Brendan Rodgers
Liverpool's new manager Brendan Rodgers attends a news conference at Anfield stadium in Liverpool. REUTERS Reuters

Liverpool manager Brendan Rodgers has penned an open letter to Swansea's staff and fans, thanking them for their support in the last two years and explaining his decision to move to Anfield.

The 39-year-old was installed as Kenny Dalglish's successor last Friday and admitted the chance to lead Liverpool's revival was too good to refuse.

"The chance to manage one of the world's great footballing institutions doesn't come around very often in a manager's life and, after two approaches, I have decided to take up the professional challenge," he wrote in his letter, published by the South Wales Evening Post.

"Before doing so I wanted to leave you my wholehearted thanks and gratitude for a truly memorable period of my life.

"My story at Swansea City began nearly two years ago and my mission above anything else was very clear: to inspire the city.

"My aim for a legacy was simply to have made Swansea City Football Club an attacking and creative team who were enjoyable to watch, and to make the people of Swansea proud of their great club, city and nation.

"In the years ahead, you, the most important people at the club, will decide if I achieved those dreams, but the journey for me has been one I will never forget.

"We created history together to become the first Welsh club in the Premier League, and defied all the odds at the same time, and there is no doubt the club will continue to flourish in the coming years."

Swansea are understood to have agreed a compensation package of £7m for Rodgers but the Northern Irishman admits leaving the Liberty Stadium for Anfield was not a decision he took lightly.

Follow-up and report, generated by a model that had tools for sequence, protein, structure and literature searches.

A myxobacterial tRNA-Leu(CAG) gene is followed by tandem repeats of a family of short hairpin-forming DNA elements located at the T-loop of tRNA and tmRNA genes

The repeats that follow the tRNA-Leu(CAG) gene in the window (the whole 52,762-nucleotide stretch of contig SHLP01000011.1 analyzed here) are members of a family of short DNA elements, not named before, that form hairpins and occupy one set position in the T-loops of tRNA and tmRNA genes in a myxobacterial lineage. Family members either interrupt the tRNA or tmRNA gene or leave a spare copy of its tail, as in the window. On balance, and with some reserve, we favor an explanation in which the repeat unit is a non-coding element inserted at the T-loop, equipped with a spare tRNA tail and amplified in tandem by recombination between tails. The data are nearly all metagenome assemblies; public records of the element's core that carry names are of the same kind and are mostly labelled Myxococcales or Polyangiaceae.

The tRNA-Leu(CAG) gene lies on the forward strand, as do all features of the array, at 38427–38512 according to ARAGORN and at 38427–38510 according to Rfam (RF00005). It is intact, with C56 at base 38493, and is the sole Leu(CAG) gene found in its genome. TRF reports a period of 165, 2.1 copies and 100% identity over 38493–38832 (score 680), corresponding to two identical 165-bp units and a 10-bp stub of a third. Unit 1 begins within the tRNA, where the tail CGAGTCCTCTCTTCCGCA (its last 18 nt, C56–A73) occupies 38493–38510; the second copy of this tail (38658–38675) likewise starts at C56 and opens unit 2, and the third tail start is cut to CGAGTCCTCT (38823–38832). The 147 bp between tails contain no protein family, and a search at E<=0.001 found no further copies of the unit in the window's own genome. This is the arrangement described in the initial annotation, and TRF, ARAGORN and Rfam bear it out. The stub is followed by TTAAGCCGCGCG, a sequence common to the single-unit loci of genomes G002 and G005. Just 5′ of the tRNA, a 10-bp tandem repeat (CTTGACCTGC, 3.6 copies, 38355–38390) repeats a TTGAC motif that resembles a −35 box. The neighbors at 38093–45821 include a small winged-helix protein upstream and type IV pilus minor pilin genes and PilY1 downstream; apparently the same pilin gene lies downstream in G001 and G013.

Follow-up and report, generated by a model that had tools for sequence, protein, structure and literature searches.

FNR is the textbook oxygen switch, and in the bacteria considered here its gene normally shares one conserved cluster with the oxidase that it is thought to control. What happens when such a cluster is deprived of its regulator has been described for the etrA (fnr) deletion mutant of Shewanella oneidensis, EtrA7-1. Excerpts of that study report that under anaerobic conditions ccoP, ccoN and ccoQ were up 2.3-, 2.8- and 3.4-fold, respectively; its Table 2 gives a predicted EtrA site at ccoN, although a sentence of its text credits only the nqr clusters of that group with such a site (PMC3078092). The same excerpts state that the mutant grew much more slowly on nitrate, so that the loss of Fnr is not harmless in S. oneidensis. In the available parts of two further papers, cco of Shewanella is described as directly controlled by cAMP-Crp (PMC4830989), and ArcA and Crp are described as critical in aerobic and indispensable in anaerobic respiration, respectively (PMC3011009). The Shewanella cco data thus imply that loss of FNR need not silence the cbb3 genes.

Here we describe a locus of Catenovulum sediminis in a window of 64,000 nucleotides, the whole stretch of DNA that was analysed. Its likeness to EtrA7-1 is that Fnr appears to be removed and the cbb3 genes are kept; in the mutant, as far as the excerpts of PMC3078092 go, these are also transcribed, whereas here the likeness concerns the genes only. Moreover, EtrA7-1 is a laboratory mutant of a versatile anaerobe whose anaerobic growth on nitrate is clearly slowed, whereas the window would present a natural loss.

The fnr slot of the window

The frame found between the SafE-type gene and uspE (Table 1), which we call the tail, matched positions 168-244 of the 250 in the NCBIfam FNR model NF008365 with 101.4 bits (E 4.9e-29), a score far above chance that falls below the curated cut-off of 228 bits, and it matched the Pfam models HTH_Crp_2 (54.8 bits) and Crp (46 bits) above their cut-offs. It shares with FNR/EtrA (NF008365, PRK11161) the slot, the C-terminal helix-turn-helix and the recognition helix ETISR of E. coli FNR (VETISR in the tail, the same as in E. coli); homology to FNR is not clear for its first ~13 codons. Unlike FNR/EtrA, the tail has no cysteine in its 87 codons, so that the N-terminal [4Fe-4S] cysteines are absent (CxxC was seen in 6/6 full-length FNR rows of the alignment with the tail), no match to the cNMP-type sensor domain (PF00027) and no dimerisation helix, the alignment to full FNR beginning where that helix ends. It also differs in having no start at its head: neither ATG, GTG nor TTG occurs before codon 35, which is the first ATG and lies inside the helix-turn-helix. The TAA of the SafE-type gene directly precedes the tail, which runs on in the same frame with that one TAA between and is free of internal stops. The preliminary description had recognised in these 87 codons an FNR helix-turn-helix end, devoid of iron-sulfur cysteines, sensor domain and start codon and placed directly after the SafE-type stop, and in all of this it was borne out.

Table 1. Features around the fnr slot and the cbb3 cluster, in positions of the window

"The only way I was going to leave Swansea was for a big club, and I mean a big club," Rodgers told the South Wales Evening Post earlier this month.

"It was an extremely, extremely difficult decision because my plan was always to stay here at Swansea for a number of years.

"I have always been up front and honest. I have always said that I wouldn't be here forever and that one day I would go, but I honestly never thought the opportunity would come round now," Rodgers said.

"In my life and in my football, I have been very happy in Swansea but when an opportunity to work at a club which is more than a club comes round, it's a professional challenge which is too good to turn down.

"Liverpool are one of the dynasties of the game. They have won five European Cups and their status is up there with AC Milan, Inter Milan, Barcelona, Real Madrid and Bayern Munich."

He added: "Swansea will live in my heart for the rest of my life and one day I would love to return to this great club and city.

"Until that day comes, I wish everyone at Swansea lots of success in the next chapter of your amazing story."

And Rodgers extended an olive branch to former manager Kenny Dalglish by asking the Scot, sacked by Fenway Sports Group last month, to remain involved with the club.

Dalglish was sacked just 12 months into a three-year contract despite ending Liverpool's six-year wait for a trophy and reaching the FA Cup final. But he was replaced by FSG after leading the club to an eighth place finish in the Premier League.

"I am not here to win any race or competition," Dalglish said. "This guy is a legend in the game and here at Liverpool Football Club. But what I know is history judges you as a manager and hopefully in time people will look back at what I have achieved here and I can walk beside these people.

"But there is no way I can try and overtake someone like Kenny Dalglish. All I can do is be myself. This is a prestigious club and this is a guy who has a wonderful history here and will continue to have a great future in terms of Liverpool. I can't worry about that. The only way you can overcome that is by winning."